Witness No. 3 – Martin Parr

Newspapers I read with a scissor. News about factory closings I cut
out. As a documentary photographer, I focus on changes in society,
both social and economical.The changes in the industrial landscape
have captured my attention for a long time. Holland, like many European
countries, is changing rapidly: we are becoming a country
of factories without chimneys. This development has had a major
impact on the nature of my work. In terms of film, I would call the
closure of a factory a dramatic moment in a long process. With the
closings, the changes of our society are becoming obvious;
as a photographer, I don’t have to emphasize anything anymore.
When I read in the newspaper that a factory will be closed, I call
the factory. They are usually not yet ready to make an appointment.
Management and workers are still negotiating the financial implications
of the closure, and there is a lot of tension among the employees
in the factory. Often, I am told to phone back in a month or
two. But after the first call, I send them a letter with my C.V. and a
proposal to make a book.
When the financial issues are resolved, there is enough time and
distance to realize what social impact the closure of a factory has.
From that moment, the management is more open-minded in finding
ways to pay respect to the people who have spent their years in
the factory. A book can be a good idea. Photography books are, in
my opinion, a perfect medium to commemorate. As the Dutch
writer Gerrit Krol once wrote: “Photographs are the tent-poles of
our memory.” In my letter, I propose to make a book to be handed
out to every employee on his or her last day of work.
I have made three books so far: Mensenstroom, 1997; De Kruitfabriek
in Muiden 1702-1904 (Gunpowder factory); and De Ritmeester
1887-2005 (Cigar factory). All three books I produced myself without
a publisher, and none were commercially distributed.
The “Mensenstroom” book was a bit different than the others,
because they immediately agreed to make a book after my initial
contact. The nuclear power plant in Dodewaard was the first one
build in the Netherlands, in 1969, and was relatively small (58 megawatts).
It was intended to be a nuclear power station for research and development;
the technology learned would the be used to build other, bigger plants.
But this never happened. Only one other nuclear
power plant has been built since, in Borssele, and it is still operational.
From the outset, I insisted on working with the graphic designers
Wouter Botman and Jenny van Driel (Vormgeversassociatie). The
concept of the design was to create a family photo album. Because
of the kind of work they were doing, most of the employees felt that
they were treated with hostility by the world outside the factory. In
the 70s and 80s, there were a lot of anti-nuclear demonstrations.
Because of this, the workers considered each other family. (One man
told me that at birthday parties, he never mentioned where he
worked because of the endless discussions that would follow.) So we
chose the form of a family photo album, and the form also pays homage
to a very nice Dutch company book: Oranje Nassau Mijnen by
Nico Jesse, 1953 (Mining company in the south of the Netherlands)
which also contains a cassette.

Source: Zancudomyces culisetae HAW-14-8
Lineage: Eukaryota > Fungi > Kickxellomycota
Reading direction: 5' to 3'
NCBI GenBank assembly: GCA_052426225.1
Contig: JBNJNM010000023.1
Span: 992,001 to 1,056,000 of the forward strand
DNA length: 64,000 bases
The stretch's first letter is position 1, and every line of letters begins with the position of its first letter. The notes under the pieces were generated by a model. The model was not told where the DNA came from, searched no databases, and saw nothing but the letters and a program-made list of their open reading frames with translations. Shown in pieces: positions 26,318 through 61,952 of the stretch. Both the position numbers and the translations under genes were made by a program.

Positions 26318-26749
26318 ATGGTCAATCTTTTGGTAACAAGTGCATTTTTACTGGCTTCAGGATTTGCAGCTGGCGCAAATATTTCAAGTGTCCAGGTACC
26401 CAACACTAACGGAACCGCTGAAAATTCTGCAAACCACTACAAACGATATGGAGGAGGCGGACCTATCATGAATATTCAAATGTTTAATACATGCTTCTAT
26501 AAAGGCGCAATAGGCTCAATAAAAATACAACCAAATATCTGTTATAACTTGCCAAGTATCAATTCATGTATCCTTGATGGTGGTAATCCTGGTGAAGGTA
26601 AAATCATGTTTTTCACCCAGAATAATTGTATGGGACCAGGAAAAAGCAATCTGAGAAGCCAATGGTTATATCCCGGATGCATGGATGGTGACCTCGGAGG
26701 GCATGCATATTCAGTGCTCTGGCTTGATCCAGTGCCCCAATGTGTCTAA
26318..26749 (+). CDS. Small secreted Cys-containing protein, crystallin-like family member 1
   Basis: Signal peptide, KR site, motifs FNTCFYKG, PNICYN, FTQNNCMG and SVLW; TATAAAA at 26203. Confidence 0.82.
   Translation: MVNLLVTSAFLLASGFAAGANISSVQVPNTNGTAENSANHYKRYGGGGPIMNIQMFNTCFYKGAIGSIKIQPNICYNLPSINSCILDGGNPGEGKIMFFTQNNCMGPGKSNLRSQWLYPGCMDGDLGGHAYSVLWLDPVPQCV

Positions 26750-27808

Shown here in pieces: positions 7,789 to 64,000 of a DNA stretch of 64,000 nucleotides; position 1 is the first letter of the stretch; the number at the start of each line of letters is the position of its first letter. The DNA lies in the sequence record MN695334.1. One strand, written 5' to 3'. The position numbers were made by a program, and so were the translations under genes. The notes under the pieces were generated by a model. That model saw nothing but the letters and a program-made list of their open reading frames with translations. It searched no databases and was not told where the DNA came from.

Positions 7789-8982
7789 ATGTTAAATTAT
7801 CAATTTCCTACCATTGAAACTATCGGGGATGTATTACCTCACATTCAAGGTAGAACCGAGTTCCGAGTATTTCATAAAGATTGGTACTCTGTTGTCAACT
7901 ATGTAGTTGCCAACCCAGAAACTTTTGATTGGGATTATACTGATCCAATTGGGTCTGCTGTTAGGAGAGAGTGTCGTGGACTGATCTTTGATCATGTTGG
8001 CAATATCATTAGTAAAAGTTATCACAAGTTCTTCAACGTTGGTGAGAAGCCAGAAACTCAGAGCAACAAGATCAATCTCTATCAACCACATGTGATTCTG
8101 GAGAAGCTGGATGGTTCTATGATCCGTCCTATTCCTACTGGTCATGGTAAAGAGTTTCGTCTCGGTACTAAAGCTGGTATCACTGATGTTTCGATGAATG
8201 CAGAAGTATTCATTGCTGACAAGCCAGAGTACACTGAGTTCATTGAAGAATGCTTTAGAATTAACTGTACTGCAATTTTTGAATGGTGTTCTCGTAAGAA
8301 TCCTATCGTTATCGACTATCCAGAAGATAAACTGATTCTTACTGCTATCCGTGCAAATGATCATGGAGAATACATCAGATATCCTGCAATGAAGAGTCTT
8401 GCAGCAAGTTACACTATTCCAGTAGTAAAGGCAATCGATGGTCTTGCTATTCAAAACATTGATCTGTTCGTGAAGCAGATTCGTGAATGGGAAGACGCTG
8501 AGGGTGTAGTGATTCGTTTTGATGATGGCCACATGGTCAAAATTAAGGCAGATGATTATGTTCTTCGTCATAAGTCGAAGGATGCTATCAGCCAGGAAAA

The book “Mensenstroom” has a double meaning: Mens means
“human being” and Stroom means “stream” or “electricity,” so the
resulting meaning is “Stream of people.” This title was given because
it really was a real stream of people; in fact all, all the people
who worked at this nuclear power station were photographed. The
subtitle is: “In memory of the nuclear power station in Dodewaard.”
The numbers on the cover count down from 58 to 00: from 58
megawatts to 00 megawatts, the moment the factory was shut down.
The book starts with 58, the megawatts the factory was producing.
Then there is the movement from outside to inside to outside.
Starting with a panoramic overview, then a poem by the manager,
expressing his feelings the moment the factory was shut down, and
a foreword written by Wim Wennekes. Then my “pass,” the guards,
dogs, fences with “Nato wire,” the main entrance (with a bicycle
pump: where in the world outside of Holland would you find a doormen
with a pump?). We then added a list of abbreviations from the
factory’s safety report; drawings and schematics of the factory; historical
“highlights”; an organogram (graphic hierarchical drawing);
a list of all the employees; my “pass” again, an overview, the number
00, and finally, a computer list with the time registration I was
in the factory. (Four seconds short of 200 hours). All of the photographs
are made with a 4 X 5 camera using color negative film.
The three books give, in my opinion, a unique insight to the factories.
The management was no longer concerned with the commercial
appearance of their factories, because the factories was going to
be closed down anyway. Their goal was to say, in a respectful way,
“good-bye” and to thank the people for the work they had done.
I had total freedom to make the pictures and the books, and nobody
had to sweep and clean or brush their hair before I started taking
pictures. The manager of the Ritmeester cigar factory had, for
instance, no problems me portraying the employees smoking at
work. (He was even a bit disappointed about the fact that some were
smoking cigarettes and not cigars!)

Bart Sorgedrager

Published in :
Witness No. 3 
 2007 – Martin Parr
Published by Nazraeli Press